This chapter examines the dialogue with the dead in Christoph Hein?s novels Horns Ende and In seiner frühen Kindheit ein Garten. Whereas the former revisits the story of a victim of political oppression in the GDR and implicitly calls for a revision of East German history, which would take such victims into account and challenge the official discourse of progress, the latter addresses the fate of an RAF terrorist killed by agents of the Federal German state. Both of these figures are portrayed as absolute seekers after justice and can be understood in the context of the author?s continuing reception of Heinrich von Kleist?s Michael Kohlhaas. Their example implicates the living in this same quest for justice, yet there are clear differences between the two texts. The openness of the ending of Horns Ende stands in marked contrast to that of In seiner frühen Kindheit ein Garten, which no longer holds out the possibility that a dialogue with the dead could be the catalyst for change.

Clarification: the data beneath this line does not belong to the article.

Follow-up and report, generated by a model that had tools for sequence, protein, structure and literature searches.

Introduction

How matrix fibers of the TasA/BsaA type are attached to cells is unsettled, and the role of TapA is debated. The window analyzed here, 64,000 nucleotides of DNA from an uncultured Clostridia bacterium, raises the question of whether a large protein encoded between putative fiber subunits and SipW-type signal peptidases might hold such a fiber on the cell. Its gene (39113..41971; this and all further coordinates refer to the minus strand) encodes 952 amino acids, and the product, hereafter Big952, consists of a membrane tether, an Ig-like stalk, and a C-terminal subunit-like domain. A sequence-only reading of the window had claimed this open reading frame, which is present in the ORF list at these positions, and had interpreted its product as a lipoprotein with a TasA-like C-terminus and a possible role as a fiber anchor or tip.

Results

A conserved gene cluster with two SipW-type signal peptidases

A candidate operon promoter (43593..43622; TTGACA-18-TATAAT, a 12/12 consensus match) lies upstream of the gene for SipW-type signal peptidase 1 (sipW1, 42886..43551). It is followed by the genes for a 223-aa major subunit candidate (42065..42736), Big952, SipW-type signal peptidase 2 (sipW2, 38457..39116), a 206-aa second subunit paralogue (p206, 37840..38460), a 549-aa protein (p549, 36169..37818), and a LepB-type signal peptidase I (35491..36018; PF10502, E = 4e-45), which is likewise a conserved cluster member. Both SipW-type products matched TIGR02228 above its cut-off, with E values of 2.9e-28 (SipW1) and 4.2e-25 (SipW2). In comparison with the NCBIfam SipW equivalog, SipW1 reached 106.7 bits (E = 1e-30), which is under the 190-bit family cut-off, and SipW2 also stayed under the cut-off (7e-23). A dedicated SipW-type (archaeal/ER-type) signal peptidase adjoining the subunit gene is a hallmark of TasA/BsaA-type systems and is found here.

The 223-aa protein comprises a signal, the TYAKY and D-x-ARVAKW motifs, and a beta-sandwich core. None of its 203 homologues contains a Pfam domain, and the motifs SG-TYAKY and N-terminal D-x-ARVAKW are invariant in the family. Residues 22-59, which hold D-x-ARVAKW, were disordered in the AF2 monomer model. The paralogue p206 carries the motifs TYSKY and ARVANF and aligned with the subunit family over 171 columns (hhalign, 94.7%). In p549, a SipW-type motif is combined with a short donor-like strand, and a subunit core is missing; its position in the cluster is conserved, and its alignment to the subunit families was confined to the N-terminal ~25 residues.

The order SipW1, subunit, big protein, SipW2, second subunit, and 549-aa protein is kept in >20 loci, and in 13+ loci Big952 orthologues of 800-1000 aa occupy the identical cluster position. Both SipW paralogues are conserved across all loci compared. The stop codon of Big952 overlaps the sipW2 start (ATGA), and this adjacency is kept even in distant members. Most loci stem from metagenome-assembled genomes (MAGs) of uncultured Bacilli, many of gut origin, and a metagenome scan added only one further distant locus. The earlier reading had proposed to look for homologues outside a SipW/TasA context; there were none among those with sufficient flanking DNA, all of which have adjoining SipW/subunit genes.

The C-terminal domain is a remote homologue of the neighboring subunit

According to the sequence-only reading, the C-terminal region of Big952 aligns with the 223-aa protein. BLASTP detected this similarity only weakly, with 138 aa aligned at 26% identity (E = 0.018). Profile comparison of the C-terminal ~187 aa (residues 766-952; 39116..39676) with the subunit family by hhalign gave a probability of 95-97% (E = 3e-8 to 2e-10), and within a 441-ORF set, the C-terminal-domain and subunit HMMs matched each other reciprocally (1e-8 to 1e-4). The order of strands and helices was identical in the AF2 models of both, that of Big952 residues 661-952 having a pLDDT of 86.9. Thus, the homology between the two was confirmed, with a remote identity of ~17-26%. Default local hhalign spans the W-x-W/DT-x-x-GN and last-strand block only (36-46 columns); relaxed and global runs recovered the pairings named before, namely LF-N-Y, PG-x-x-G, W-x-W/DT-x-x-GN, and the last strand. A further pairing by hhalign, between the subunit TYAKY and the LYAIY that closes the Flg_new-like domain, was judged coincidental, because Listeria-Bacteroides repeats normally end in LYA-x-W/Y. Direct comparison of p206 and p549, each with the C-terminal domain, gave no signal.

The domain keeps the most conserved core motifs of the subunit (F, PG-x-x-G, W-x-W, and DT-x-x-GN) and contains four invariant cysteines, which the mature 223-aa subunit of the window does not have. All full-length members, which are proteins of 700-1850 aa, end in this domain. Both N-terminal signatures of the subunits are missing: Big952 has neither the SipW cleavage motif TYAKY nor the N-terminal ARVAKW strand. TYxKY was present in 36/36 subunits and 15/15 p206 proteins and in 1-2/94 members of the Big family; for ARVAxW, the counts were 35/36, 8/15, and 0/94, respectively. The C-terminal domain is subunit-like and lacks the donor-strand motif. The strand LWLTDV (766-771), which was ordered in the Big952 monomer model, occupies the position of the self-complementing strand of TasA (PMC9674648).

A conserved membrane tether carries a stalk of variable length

|Title of host publication||Literatur im Krebsgang: Totenbeschwörung und Memoria in der deutschsprachigen Literatur nach 1989|
|Editors||Anke Gilleir, Arne De Winde|
|Place of Publication||Amsterdam|
|Publication status||Published - 2007|